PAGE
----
Sunday, January 8, 2012

Anti-Evolution Thugs Try Again in Indiana

Here we go again.

An Indiana State Senator named Dennis Kruse (Republican - as if you couldn't figure that out on your own) filed Senate Bill 89 in both the Senate and the Committee on Education and Career Development, which states the following:
"Sec. 18. The governing body of a school corporation may require the teaching of various theories concerning the origin of life, including creation science, within the school corporation."
In other words, since he and his religious thugs have absolutely no evidence of a supernatural creation, they decide instead to impose themselves on classrooms by using the government of the State of Indiana.  For a group that preaches small government, they sure put a lot of effort into doing the exact opposite.

Kruse's career seems to be littered with this kind of nonsense.  According to the National Center for Science Education, while Senator Kruse was serving as a State Representative in 1999, he pledged to introduce a law that removes the Theory of Evolution from the state's science standards.  And true to his word, he tried House Bill 1356 in 2000 and House Bill 1323 in 2001.  Neither of these bills made it out of committee of course, but Kruse has decided to maintain his commitment to the cause by submitting the exact same bill to the Senate without so much as a change in wording.

I simply do not understand the anti-intellectual mentality of the religious right.  If there was any evidence for your biblical fairy tale whatsoever, scientists would have no problem at all including it in a high school science book.  Thus, you shouldn't need to pass a law to have your myth of the origin of life included in a textbook.  If you provide the evidence, then it should be able to stand on it's own merit.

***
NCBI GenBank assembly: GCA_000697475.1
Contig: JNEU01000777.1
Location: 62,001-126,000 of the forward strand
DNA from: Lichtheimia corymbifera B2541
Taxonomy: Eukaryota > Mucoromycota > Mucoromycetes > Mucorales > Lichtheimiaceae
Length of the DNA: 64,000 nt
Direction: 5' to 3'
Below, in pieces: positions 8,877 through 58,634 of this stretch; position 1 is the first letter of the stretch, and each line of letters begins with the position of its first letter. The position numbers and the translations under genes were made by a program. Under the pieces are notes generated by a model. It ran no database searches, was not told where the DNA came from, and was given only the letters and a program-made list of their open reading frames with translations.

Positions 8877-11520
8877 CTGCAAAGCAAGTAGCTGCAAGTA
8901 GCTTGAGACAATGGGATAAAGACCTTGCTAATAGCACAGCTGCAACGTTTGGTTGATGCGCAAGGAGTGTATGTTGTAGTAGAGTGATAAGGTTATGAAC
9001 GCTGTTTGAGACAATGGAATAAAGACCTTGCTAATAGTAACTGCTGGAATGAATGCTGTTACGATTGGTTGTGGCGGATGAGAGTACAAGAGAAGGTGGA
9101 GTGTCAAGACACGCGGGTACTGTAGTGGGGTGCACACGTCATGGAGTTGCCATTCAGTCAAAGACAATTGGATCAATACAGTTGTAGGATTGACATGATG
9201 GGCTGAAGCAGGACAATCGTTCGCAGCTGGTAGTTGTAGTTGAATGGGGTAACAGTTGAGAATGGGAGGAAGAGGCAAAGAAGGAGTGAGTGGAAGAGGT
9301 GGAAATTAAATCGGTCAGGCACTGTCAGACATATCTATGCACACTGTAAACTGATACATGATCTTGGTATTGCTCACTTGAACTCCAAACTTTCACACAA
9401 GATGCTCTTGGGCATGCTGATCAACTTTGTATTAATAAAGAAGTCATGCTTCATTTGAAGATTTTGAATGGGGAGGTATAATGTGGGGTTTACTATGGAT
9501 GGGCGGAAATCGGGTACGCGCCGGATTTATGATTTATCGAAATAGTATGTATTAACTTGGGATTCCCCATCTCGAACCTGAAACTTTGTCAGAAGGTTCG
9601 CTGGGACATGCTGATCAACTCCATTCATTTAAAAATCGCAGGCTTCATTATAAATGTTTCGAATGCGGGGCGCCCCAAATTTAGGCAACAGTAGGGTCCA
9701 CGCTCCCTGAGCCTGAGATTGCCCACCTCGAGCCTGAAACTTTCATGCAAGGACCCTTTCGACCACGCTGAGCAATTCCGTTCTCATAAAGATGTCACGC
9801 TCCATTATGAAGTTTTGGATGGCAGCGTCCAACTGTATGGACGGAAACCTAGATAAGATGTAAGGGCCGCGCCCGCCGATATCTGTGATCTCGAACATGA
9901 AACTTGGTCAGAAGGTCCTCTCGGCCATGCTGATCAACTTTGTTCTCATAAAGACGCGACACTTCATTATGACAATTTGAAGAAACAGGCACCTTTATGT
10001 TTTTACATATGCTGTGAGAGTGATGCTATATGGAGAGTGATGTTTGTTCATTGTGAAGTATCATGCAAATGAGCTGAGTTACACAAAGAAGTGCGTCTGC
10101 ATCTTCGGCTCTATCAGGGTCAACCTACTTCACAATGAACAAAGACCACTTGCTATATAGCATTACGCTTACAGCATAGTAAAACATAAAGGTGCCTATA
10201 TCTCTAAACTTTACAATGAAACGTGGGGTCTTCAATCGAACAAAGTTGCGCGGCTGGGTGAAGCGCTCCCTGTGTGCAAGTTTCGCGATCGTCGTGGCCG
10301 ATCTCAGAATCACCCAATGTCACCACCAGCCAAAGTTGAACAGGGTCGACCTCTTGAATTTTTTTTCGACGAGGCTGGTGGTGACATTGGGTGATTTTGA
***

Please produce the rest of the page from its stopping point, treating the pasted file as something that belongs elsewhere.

Plus, it's bad enough that there are adults that lack the maturity to go research the science themselves, but to have people that center their collective careers on making our nation's children live in forced ignorance... THAT'S what should be against the law.

Finally, as much as I agree with the thought that this kind of legislation breaches the Constitution, that shouldn't even matter.  Why?  Because there is no such thing as creation science!  It makes me nauseous to think that religious fundamentalists have been saying this catchphrase for so long that it's starting to leak into everyday jargon.  "Creation Science" is the very definition of an oxymoron, and it shouldn't even need to be used when refuting these idiotic lawmakers that are trying to force their religious dogma on their constituency.

*** UPDATE:  Politicians in Missouri have introduced House Bill 1227 that would require, "the equal treatment of science instruction regarding evolution and intelligent design."

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